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20/09/2021

Healthy Living: Water for health

Healthy Living: Water for health

Relieves fatigue: If you feel sluggish and tired half way through the day, you might not be consuming enough water

AS the real Irish summer returns with its warm rains our drought lands can soak up some much-needed hydration.

It never seems to amaze me that in such a wet country no efforts are made to conserve all that water and utilize it in our homes. Instead, we use many times recycled, chemical-dosed water both for consumption and in the bathrooms. Did you know that 70% of the Earth is covered by water, but only 2.5% of it is fresh, and just 1% is easily accessible, as the rest is trapped in glaciers and snowfields?

Our body is around 60% water. It is distributed within and between our cells where it is needed for communication, enzymatic function and nutrient assimilation. Our digestive system uses about 15 litres a day, and we need it to excrete unwanted materials.

Optimum hydration is very important for health. It is recommended that we drink 8 glasses of water a day – although this has just as little evidence as the “five a day” rule, it helps to prevent dehydration.

Your brain is strongly influenced by hydration status. Studies show that even mild dehydration (1-3% of body weight) can impair many aspects of brain function, impact mood, concentration, memory and frequency of headaches. It may have to do with its facilitating oxygen distribution throughout our body, collecting carbon dioxide and dissolving toxic gasses - allowing us to breathe effectively.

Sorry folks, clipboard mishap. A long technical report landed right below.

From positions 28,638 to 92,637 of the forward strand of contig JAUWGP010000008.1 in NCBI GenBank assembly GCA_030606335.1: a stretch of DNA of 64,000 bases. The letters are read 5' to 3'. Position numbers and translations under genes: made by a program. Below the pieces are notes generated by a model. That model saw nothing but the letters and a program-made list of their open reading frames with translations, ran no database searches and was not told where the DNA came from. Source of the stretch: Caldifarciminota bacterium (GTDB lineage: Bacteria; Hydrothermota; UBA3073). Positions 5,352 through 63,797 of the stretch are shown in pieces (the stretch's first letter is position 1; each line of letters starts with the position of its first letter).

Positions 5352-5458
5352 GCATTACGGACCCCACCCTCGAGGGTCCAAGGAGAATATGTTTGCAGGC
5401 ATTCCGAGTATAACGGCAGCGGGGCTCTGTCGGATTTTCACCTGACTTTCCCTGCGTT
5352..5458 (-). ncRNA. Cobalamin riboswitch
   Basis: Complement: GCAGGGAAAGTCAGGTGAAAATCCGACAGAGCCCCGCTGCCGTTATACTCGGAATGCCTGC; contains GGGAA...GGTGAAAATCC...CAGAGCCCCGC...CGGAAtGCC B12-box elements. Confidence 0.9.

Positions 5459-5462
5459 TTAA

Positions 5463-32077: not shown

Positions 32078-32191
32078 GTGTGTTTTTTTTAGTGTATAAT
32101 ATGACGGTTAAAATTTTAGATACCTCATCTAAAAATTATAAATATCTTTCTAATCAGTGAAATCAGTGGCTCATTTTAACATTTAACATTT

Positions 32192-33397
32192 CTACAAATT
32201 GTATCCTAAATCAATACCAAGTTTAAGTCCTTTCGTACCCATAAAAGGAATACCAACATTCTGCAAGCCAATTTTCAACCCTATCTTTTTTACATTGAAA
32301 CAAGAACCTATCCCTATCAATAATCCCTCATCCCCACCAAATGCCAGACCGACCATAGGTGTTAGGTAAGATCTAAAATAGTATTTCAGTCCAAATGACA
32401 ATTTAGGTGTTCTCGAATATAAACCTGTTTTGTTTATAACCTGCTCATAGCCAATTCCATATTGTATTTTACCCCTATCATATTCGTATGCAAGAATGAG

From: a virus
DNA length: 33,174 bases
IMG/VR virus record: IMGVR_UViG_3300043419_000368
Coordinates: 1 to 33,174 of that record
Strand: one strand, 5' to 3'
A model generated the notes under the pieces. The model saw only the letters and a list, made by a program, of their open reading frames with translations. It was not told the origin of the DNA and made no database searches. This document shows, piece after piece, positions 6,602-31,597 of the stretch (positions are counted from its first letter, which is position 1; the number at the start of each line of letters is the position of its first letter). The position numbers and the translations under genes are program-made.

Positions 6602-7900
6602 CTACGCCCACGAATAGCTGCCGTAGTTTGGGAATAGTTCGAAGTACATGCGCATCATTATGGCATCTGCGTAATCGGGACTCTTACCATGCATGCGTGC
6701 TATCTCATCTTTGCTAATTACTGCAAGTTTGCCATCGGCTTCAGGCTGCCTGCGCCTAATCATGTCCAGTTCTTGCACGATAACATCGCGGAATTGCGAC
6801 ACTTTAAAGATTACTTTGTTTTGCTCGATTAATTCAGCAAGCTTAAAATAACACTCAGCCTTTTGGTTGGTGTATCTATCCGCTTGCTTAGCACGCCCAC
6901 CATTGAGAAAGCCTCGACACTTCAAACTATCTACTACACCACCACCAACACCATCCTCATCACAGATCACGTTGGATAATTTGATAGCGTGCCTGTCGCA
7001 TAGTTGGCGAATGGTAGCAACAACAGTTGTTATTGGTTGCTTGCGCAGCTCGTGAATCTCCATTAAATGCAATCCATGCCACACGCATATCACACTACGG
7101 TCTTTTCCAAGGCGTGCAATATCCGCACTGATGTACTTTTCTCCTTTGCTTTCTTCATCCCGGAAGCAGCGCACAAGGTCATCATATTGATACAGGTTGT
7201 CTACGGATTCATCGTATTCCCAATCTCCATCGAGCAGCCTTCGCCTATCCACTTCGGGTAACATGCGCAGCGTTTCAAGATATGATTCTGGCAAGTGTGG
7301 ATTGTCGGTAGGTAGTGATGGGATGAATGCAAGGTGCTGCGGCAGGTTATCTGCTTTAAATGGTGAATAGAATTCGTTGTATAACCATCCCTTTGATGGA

Proper hydration helps to flush out toxins from our system; water-soluble ones through our kidneys and fat-soluble ones through our digestive system. Large amount of water is absorbed in the colon; therefore, dehydration leads to constipation and the reabsorbing of waste. These then build up in our tissues, affecting their function. One such tissue sensitive to excess toxins and hormones is our skin.

Drinking plenty of water can also boost metabolism and help maintain weight. Some suggest drinking right before meals to increase satiety – from a physiological perspective this actually hinders digestion and may even lead to inflammation, thus weight gain, so drink half an hour before and an hour after meals. But studies show that drinking about two litres a day, especially cold water, can increase the energy expenditure by 96 calories – that equals about 15-20 minutes jogging!

Interestingly, the elderly tend to drink much less fluids, although they would need it the most. Water helps keep joints lubricated and muscles more elastic so joint pain and injuries are less likely. Adequate levels of fluoride free water may prevent falls and reduce risks associated with osteoporosis, such as hip fractures. Regular water consumption may also improve blood flow and support the cardiovascular system.

I must also warn you against drinking too much water, especially during mealtimes, as it dilutes digestive juices and may hinder your absorptive capacity. Drinking more than the needed 2-2.5 litres a day can flush out the much-needed water soluble nutrients and put extra pressure onto the kidney. High blood glucose and sodium levels, anxiety may be behind excessive thirst – a thorough investigation is needed in any case.

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